Android devices will soon run Windows software thanks to CrossOver and Wine

Android devices will soon be able to run Windows apps thanks to CodeWeavers CrossOver for Android, which will debut before the end of 2015.

Wine for Android was first introduced a few years ago, and work has been going on ever since. You can run Android apps on Windows, and soon the reverse will also be true!

What are CodeWeavers and Wine?

CodeWeavers is a company that creates a commercial compatibility layer, allowing Windows applications to run on Linux and Mac OS X. It also helps developers port Windows games and other applications to Mac and Linux, packaging them with a compatibility layer to make them work. .

Underlying all of this is the open-source Wine project, whose development CodeWeavers helps fund. Wine is an open-source compatibility layer that aims to reimplement the Windows API and allow Windows applications to run on non-Windows operating systems.

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Running Windows Apps on Android

Android is about to join these apps. CodeWeavers has announced that a free technical preview of “CrossOver for Android” will be available before the end of the year, and you can sign up to be notified when it’s released. These fixes will also be released on the open-source Wine project, and other versions of Wine for Android should be available soon after.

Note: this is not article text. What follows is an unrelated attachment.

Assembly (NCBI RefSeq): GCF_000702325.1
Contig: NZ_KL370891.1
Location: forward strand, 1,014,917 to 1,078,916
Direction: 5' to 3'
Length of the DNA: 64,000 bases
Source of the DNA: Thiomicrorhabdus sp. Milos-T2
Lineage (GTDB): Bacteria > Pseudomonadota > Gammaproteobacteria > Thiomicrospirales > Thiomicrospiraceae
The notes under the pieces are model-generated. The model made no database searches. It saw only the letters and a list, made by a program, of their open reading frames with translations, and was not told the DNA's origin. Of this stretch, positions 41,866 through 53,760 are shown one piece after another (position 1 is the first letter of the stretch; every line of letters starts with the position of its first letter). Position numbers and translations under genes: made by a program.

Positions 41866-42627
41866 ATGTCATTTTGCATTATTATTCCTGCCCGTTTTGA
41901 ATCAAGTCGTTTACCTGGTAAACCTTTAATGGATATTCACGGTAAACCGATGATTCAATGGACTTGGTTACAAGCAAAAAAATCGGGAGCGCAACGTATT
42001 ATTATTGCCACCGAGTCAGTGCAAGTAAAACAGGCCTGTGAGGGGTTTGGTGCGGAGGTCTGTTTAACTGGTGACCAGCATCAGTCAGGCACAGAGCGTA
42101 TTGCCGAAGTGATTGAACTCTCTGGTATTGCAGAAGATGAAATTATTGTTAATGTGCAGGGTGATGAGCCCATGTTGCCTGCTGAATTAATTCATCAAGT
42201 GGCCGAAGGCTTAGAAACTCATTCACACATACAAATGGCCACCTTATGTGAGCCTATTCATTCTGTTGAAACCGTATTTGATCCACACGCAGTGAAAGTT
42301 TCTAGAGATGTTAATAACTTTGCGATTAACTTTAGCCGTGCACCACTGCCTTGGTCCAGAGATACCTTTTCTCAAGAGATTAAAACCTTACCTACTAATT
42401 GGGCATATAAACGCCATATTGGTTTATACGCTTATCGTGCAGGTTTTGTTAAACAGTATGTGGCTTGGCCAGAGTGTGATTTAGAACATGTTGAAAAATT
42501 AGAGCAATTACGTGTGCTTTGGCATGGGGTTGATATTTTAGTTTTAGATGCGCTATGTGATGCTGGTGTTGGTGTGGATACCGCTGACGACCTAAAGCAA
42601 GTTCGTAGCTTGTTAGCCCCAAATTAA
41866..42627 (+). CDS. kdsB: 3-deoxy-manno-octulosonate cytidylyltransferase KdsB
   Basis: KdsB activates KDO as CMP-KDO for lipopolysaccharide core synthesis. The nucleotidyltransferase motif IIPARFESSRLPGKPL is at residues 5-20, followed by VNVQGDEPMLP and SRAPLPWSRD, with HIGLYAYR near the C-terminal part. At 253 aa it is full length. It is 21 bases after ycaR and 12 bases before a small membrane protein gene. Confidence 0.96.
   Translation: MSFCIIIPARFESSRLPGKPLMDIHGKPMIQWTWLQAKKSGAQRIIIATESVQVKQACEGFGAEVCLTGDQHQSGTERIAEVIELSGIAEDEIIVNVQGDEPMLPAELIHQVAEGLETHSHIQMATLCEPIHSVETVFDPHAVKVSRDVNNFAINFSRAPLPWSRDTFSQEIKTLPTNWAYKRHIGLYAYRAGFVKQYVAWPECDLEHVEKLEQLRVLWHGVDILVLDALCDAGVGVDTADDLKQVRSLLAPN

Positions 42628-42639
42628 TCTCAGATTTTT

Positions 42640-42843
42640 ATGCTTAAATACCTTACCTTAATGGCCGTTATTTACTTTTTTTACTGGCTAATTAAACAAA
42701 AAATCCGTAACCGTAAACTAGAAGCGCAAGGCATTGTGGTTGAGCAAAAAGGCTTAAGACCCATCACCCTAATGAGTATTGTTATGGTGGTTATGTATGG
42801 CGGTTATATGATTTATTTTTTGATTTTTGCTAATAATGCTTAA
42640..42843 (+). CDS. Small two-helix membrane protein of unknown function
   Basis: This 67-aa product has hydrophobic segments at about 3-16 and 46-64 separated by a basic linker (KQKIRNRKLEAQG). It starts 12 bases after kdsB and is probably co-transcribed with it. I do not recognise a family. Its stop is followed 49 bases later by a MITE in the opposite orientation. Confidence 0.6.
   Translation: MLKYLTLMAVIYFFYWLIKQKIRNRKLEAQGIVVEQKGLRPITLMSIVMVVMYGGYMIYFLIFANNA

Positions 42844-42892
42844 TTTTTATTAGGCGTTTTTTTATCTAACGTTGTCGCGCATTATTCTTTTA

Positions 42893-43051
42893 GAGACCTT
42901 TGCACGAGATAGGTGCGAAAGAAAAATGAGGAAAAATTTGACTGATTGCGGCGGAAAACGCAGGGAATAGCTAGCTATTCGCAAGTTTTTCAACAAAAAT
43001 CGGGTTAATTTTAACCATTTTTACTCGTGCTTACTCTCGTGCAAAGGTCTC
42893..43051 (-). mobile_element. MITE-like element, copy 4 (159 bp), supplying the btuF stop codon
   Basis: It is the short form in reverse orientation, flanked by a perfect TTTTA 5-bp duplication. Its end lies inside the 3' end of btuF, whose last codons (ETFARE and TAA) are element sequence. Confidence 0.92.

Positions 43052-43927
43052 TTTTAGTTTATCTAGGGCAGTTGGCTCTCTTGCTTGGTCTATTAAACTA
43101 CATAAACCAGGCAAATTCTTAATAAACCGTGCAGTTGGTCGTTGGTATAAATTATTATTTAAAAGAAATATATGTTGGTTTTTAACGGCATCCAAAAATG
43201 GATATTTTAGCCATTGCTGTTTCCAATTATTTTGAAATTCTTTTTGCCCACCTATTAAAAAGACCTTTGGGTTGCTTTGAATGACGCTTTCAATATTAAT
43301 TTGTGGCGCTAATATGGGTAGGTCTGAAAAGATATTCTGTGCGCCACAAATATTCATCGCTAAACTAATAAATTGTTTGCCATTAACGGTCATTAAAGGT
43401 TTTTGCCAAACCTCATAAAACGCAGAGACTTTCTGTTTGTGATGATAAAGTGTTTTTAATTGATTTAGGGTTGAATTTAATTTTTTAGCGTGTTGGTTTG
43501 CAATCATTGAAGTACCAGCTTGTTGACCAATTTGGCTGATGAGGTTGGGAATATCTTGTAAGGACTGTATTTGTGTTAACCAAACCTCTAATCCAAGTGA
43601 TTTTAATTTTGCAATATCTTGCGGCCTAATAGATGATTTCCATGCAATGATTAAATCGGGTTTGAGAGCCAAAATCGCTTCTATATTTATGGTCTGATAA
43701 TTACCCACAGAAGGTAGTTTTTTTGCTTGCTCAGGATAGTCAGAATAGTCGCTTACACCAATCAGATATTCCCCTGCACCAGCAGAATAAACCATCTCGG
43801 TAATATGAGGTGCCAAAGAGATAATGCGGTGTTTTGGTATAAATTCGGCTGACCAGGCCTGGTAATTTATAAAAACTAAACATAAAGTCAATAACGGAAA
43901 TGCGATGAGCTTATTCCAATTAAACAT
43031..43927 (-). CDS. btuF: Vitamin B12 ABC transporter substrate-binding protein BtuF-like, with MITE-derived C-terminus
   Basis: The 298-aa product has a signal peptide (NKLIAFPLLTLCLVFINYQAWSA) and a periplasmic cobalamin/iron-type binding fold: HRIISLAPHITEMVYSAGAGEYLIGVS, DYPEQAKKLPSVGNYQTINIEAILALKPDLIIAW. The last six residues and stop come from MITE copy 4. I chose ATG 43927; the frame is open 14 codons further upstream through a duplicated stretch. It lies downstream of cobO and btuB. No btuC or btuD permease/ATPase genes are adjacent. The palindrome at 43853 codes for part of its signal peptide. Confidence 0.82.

Codeweavers CrossOver for Android.

There are, however, a few pitfalls. CrossOver and Wine for Android will only work on Android x86 systems, Android with Intel or AMD processors. Typical Android systems with ARM processors will not work. This is because all Windows binaries available in the wild are x86 or x64 applications. Windows RT never allowed desktop apps, so there are no desktop programs available for Windows on ARM. CrossOver or Wine should contain a virtual machine to allow Windows x86 applications to run on ARM chips. It’s the same reason you can’t install Wine and expect Windows apps to work when using Linux on an ARM-based Chromebook, by the way.

There are also other more obvious concerns. Most Windows apps won’t work very well with a touchscreen and virtual keyboard because they’re designed for a keyboard and mouse. But there are Android laptops and even desktops. If nothing else, this could be a reason to choose an Intel-based Android tablet.

CodeWeavers is also still working on DirectX 11 support for Wine, which would allow many other Windows games to run on Linux and Mac OS X.

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